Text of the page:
The Leica Multifunction Handgrip M (Part Number 14495), as its name suggests, is an accessory which adds useful functions to the Leica M. It is exclusively designed for the Leica M Type 240 and cannot be used on the M9. Unlike the camera body, the base and handle section of the Leica Multifunction Handgrip M are fiber-reinforced plastic and the upper cover is no doubt brass. When it is attached, you feel it is flimsy and not as solid as the camera body. I am sure if the choice of the material has to do with the GPS receiver. This resembles the design of the Canon 6D which is equipped with the integrated WiFi and GPS because its top plate is not made of metal. Of course I would like to see the Handgrip M cosmetically made with a more durable material just like the Leica M Type 240 body. But it aesthetically looks better than the Handgrip (Part number 14486) for the M8 and M9.
The approximate dimension of the Handgrip M is 139 x 68 x 55 mm (W x H x D). The weight is approximately 149g. The total weight of the camera body mounted with the Handgrip M is almost 729g. This is no longer a light-weighted camera in use even if you only mount a tiny Elmarit-M 28 mm f/2.8 on it. The Leica M Type 240 has finally added some weight to your daily arsenal. I am in doubt whether the Leica M is as compact as it used to be.
The built-in function on the Leica Multifunction Handgrip M is the GPS receiver module which saves image shooting data in the Exif image data (geo-tagging). In the Camera Menu, we can turn it ON or OFF directly under GPS. If you see the selection is grey out, that means it is not successfully connected. I have no trouble setting it to ON once the Handgrip M is firmly attached by the big knurled tripod screw. To get more relevant information of how to use it, the Handgrip M instructions remind the users to read the camera body instructions.
If you want to make sure the GPS is in operation, press the INFO button at the back of the camera and check the satellite symbol. In the image above, this symbol means active and the last position was determined up to one minute ago. If you see a cross on this symbol, it means there is no reception at that moment. If you are close to windows or just have just switched on your camera, you probably need to wait for 1-2 minutes before seeing the satellite symbol is in active status. In theory it won’t be too hard for many parts of this world, except in some countries where using GPS is not legal such as China (exception: Hong Kong and Macau) and Cuba. The GPS function is therefore deactivated automatically in these areas.
Australia is obviously not in the exception. In the camera instruction manual, it mentions that the GPS aerial is located at the top of the handgrip. So it is important not to cover it with your hand or rest your finger when you press the shutter. (I believer for a photographer, your finger should always be resting on the shutter button.) On a rainy day, I took several shots with the Handgrip M. I was pleased the GPS was active and when I reviewed the image on the camera monitor, the GPS satellite symbol was also displayed. Then you can view the information in image processing applications such as Adobe Lightroom.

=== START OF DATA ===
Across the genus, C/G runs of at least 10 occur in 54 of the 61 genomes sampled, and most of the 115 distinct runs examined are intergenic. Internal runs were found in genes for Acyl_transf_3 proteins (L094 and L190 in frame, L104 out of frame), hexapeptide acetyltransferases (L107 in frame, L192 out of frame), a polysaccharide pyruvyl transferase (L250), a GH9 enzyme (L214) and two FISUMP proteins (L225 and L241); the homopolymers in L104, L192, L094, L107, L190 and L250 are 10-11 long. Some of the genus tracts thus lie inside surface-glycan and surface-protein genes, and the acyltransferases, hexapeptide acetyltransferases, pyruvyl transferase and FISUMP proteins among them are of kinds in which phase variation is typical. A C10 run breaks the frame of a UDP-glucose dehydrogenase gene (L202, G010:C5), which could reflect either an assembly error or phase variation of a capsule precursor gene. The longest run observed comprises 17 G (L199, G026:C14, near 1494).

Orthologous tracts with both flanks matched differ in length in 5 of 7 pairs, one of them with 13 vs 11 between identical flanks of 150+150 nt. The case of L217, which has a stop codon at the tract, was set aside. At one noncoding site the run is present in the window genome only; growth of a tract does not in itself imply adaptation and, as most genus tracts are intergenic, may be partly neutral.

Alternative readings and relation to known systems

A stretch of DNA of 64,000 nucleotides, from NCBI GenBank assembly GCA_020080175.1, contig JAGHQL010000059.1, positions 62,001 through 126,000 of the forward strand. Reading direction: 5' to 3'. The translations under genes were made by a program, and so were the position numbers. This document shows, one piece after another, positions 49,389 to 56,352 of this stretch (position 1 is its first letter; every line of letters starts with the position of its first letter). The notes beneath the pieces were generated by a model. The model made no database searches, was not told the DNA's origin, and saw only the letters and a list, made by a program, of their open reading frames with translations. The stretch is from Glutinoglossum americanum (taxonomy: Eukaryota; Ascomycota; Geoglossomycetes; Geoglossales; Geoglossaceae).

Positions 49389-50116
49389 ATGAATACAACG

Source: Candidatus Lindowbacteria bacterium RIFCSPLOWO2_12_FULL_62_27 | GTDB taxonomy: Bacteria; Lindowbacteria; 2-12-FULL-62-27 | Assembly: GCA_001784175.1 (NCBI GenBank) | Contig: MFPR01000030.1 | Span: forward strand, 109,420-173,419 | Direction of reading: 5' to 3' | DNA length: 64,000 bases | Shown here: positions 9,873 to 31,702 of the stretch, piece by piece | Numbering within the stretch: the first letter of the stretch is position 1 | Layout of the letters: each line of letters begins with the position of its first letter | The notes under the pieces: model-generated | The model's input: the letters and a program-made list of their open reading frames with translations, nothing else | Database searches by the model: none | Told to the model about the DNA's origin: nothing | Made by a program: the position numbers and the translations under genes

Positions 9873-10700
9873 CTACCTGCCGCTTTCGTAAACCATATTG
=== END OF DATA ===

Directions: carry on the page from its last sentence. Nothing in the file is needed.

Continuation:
Besides the GPS module, the Leica Multifunction Handgrip M also supports the transfer of files or control the camera (using the required software called Leica Image Shuttle) through the USB 2.0 mini-port , external power supply for extended time using the DC in-socket. You can find these two sockets on the left at the rear of the base.
On the right of the base, you can a standard flash connection socket and a stable 4-pin mini socket for SCA cable connection. Both the SCA adapter and AC adaptor have to be purchased separately. The total price of these adaptors are not so affordable, almost 80 percent of the Handgrip M.
You can attach the finger loop (sold separately) to the thread on the right. But I am not sure if you can hold the camera more securely through it as I have not tried it. The finger loop for handgrip-M is offered in three sizes: S, M and L.
The Leica Multifunction Handgrip M is not a cheap investment. However, if you take thousands of photographs in your travel, it is more convenient to geo-tag the images this way instead of using other tools. It is more versatile if you are also taking studio shoots.
Any dissatisfaction? Yes, a small disappointment when holding the Leica Multifunction Handgrip M for a longer time. The issue is probably due to the contour of the handle. It is undoubtedly true that it helps greatly in grasping the M camera firmly and safely. But it is far from feeling comfortable.